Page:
Awesome Concert by Fiona Apple and Blake Mills at Chicago’s Bank of America Theater.

The genius of  Fiona Apple

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It’s a shame that a distraction by a bully in one audience ultimately steered attention away from what’s really noteworthy about Fiona Apple’s live performance on this current tour: how amazingly tight, yet spontaneous both she and the band is. Throughout the show, you feel like you’re watching a theatrical performance rather than a concert because the stage feels like a play’s set. You see a table set up with teacups before anyone enters. When the four band members do enter, the show starts with Apple and drummer Barbara Gruska writing “Teach me how to be free” on a chalkboard before the entire band launches into a new song, possibly called “Tipple”. And later, when Apple moves over to grand piano and Mills launches into his “Curable Disease”, Gruska and bassist Sebastian Steinberg are no longer needed. So they clink whatever they’re drinking on stage, sit, and watch.

Indeed, it was this interplay between playful spontaneity and precision that defined Apple and tour partner Blake Mills’ show last night at Chicago’s Bank of America Theatre. Gruska’s drums, Mills’ incredible guitar work, and Steinberg’s jazzy upright bass playing provided an extra oomph to songs like “Every Single Night” and “Regret” from last year’s instant classic and Top Star-earning The Idler Wheel…. While sometimes, it was the little things, perhaps unplanned, that added just the right tone to a song, like when the microphone picked up Apple tapping her drumsticks against her neck various times throughout the show, creating faint, yet still discernible percussive elements to songs that already sported unconventional percussion.

Meanwhile, the same playful, bordering on “just fucking with you” (something Mills actually said last night) attitude characterized Mills’ otherwise in-control guitar work throughout the set. Whether on Apple’s songs or on his own, Mills, seemingly a run of the mill Americana singer/songwriter, is actually an innovative guitarist with a sense of humor. During the band’s cover of Conway Twitty’s “It’s Only Make Believe”, the guitarist was able to emulate the tones of a theremin, while during the outro of his and Apple’s duet “Seven”, he repeated the same guitar riff at increasingly lower volume until it delved into silence. Then, he perked up and said, “The song was over three minutes ago.”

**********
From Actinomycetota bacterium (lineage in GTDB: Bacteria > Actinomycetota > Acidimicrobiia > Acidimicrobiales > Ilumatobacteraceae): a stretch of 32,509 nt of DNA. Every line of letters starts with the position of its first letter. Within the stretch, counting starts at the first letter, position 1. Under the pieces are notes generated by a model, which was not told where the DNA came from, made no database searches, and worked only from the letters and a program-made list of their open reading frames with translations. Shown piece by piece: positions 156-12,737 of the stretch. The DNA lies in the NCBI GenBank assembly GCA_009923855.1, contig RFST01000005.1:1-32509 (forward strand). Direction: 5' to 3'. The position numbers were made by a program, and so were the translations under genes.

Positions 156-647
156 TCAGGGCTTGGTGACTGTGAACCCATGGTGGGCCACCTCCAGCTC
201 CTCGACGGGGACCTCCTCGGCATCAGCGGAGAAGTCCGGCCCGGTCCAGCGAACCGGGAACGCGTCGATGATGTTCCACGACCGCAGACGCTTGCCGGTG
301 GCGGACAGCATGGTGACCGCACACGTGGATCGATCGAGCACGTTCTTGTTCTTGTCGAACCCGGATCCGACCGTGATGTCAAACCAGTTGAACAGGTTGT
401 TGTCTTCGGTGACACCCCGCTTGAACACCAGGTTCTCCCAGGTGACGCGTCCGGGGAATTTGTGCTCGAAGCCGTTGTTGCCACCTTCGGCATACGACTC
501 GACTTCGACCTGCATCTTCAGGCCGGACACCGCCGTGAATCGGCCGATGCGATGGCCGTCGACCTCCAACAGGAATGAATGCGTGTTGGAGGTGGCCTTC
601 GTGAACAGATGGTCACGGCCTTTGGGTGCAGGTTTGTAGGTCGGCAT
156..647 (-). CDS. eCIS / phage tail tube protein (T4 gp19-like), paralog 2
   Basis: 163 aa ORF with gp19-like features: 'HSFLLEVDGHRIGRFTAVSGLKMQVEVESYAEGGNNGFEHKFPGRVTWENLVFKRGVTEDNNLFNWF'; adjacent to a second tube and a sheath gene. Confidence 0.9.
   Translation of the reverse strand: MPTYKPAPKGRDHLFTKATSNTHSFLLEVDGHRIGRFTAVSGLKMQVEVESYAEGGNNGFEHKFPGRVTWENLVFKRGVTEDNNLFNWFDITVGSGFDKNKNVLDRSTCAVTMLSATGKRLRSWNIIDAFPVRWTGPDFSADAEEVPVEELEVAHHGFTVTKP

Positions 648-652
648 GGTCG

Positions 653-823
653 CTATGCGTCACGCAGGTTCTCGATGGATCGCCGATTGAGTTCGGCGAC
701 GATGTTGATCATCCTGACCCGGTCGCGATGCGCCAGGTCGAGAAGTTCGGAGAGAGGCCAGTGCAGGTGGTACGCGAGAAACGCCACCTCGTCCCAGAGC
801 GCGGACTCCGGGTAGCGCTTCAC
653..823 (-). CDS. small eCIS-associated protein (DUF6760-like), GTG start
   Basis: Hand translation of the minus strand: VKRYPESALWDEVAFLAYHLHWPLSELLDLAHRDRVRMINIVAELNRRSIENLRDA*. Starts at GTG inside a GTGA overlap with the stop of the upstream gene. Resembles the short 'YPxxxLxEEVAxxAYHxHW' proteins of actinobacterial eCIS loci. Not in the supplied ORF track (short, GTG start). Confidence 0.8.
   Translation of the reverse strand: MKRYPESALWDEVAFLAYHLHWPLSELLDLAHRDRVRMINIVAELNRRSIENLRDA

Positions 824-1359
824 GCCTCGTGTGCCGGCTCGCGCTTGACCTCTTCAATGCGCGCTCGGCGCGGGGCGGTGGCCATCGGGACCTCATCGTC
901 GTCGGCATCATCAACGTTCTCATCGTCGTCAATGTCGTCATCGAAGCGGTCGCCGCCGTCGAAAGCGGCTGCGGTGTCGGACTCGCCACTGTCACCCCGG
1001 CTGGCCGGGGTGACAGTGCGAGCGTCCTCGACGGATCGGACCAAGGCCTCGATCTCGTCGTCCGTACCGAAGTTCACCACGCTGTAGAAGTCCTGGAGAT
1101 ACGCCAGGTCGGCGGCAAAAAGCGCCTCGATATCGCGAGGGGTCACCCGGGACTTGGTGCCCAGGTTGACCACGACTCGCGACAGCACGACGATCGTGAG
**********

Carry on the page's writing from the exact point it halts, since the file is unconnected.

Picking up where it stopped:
Most importantly, last night, it was obvious that the audience was conscious of the meltdowns that have plagued Apple’s recent shows because audience members were only shouting out words of encouragement and positivity. From “We love you Fiona!” to “You look great!”, the audience’s role as a sort of safety net gave Apple room to even joke (!) about her past on-stage troubles. “How am I supposed to have my meltdown? I don’t do Twitter,” Apple quipped at one point after warning all “assholes” to stay away.

Most importantly, last night, it was obvious that the audience was conscious of the meltdowns that have plagued Apple’s recent shows because audience members were only shouting out words of encouragement and positivity. From “We love you Fiona!” to “You look great!”, the audience’s role as a sort of safety net gave Apple room to even joke (!) about her past on-stage troubles. “How am I supposed to have my meltdown? I don’t do Twitter,” Apple quipped at one point after warning all “assholes” to stay away.

While her self-awareness and sense of humor shone through, perhaps the best way to take in her performance, however, was to simply sit idly by and allow yourself to be captivated and even intimidated by her physical voice and her agency. Because when Apple sings “I ran out of white dove feathers/ To soak up the hot piss that comes from your mouth,” she could be talking about anybody in her past or present, any given audience member. Maybe even you.

Photography by Katie Schuering.